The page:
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Page:The Works of Lord Byron (ed. Coleridge, Prothero) - Volume 5.djvu/641

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CANTO II.]
601
THE ISLAND.

Drain every drop!—to-morrow we may die.
In summer garments be our limbs arrayed;
Around our waists the Tappa's white displayed;
Thick wreaths shall form our coronal,[1] like Spring's,
And round our necks shall glance the Hooni strings;50
So shall their brighter hues contrast the glow
Of the dusk bosoms that beat high below.


III.

But now the dance is o'er—yet stay awhile;
Ah, pause! nor yet put out the social smile.
To-morrow for the Mooa we depart,
But not to-night—to-night is for the heart.
Again bestow the wreaths we gently woo,
Ye young Enchantresses of gay Licoo![2]
How lovely are your forms! how every sense
Bows to your beauties, softened, but intense,[3]60
Like to the flowers on Mataloco's steep,

Which fling their fragrance far athwart the deep!—

    portion of kava root is handed to each person present, who chews it to a pulp, and then deposits his quid in the kava bowl. Water being gradually added, the roots are well squeezed and twisted by various "curvilinear turns" of the hands and arms through the "fow," i.e. shavings of fibrous bark. When the "kava is in the cup," quaighs made of the "unexpanded leaf of the banana" are handed round to the guests, and the symposium begins. Mariner (ibid., p. 205, note) records a striking feature of the preliminary rites, a consecration or symbolic "grace before" drinking. "When a god has no priest, as Tali-y-Toobó [the Supreme Deity of the Tongans], no person ... presides at the head of his cava circle, the place being left ... vacant, but which it is supposed the god invisibly occupies.... And they go through the usual form of words, as if the first cup was actually filled and presented to the god: thus, before any cup is filled, the man by the side of the bowl says ... 'The cava is in the cup:' the mataboole answers ... 'Give it to our god:' but this is mere form, for there is no cup filled for the god." (See, too, The Making o9f Religion, by A. Lang, 1900, p. 279.)]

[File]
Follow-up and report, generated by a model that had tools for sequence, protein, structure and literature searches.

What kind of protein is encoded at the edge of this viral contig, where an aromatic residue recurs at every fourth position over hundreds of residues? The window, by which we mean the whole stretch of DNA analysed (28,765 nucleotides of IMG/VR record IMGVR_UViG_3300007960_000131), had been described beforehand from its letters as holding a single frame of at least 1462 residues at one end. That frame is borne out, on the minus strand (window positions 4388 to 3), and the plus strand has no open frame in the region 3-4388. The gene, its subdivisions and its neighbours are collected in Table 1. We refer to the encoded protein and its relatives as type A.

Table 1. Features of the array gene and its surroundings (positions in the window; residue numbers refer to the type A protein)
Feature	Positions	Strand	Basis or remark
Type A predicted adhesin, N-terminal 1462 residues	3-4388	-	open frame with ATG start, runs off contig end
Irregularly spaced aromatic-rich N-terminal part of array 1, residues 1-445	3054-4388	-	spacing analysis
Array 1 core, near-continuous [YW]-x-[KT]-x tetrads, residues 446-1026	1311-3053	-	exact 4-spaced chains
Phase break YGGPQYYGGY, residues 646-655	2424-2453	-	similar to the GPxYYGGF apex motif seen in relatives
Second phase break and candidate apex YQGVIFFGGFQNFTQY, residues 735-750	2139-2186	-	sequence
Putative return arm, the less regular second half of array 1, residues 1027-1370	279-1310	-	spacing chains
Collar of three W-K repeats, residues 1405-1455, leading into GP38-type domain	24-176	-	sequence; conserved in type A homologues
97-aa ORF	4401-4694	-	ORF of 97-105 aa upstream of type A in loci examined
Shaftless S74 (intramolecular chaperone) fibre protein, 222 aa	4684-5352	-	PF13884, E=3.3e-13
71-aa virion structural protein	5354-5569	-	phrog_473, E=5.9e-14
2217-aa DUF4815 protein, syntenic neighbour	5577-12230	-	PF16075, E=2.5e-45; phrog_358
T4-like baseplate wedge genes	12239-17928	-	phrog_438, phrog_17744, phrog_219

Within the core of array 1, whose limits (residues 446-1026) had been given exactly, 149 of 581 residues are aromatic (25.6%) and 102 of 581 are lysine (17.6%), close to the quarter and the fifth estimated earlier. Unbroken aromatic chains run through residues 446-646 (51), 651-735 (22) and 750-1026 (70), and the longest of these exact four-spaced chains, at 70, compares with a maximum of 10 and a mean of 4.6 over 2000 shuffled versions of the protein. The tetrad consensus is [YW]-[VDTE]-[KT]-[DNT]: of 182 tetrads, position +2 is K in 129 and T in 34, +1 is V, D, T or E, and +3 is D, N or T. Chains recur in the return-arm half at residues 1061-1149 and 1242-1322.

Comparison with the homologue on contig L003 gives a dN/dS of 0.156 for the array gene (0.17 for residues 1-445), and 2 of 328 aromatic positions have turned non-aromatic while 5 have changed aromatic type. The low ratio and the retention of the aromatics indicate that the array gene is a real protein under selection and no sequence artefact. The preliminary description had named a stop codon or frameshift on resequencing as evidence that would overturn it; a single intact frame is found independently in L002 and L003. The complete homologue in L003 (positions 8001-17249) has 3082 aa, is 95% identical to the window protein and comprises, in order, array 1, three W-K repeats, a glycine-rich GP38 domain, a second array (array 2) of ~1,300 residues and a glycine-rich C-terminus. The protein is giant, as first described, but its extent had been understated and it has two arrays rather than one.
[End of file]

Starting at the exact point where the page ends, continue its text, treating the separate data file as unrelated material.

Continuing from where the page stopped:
1. [The gnatoo, which is a piece of tappa cloth, is worn in different ways. "Twenty yards of fine cloth are required by a Tahitian woman to make one dress, which is worn from the waist downwards."—Polynesia, 1866, p. 45.]
  2. Licoo is the name given to the back of or unfrequented part of any island.]
  3. How beauteous are their skins, how softly all
    The forms of Beauty wrap them like a pall
    .—[MS. D. erased.]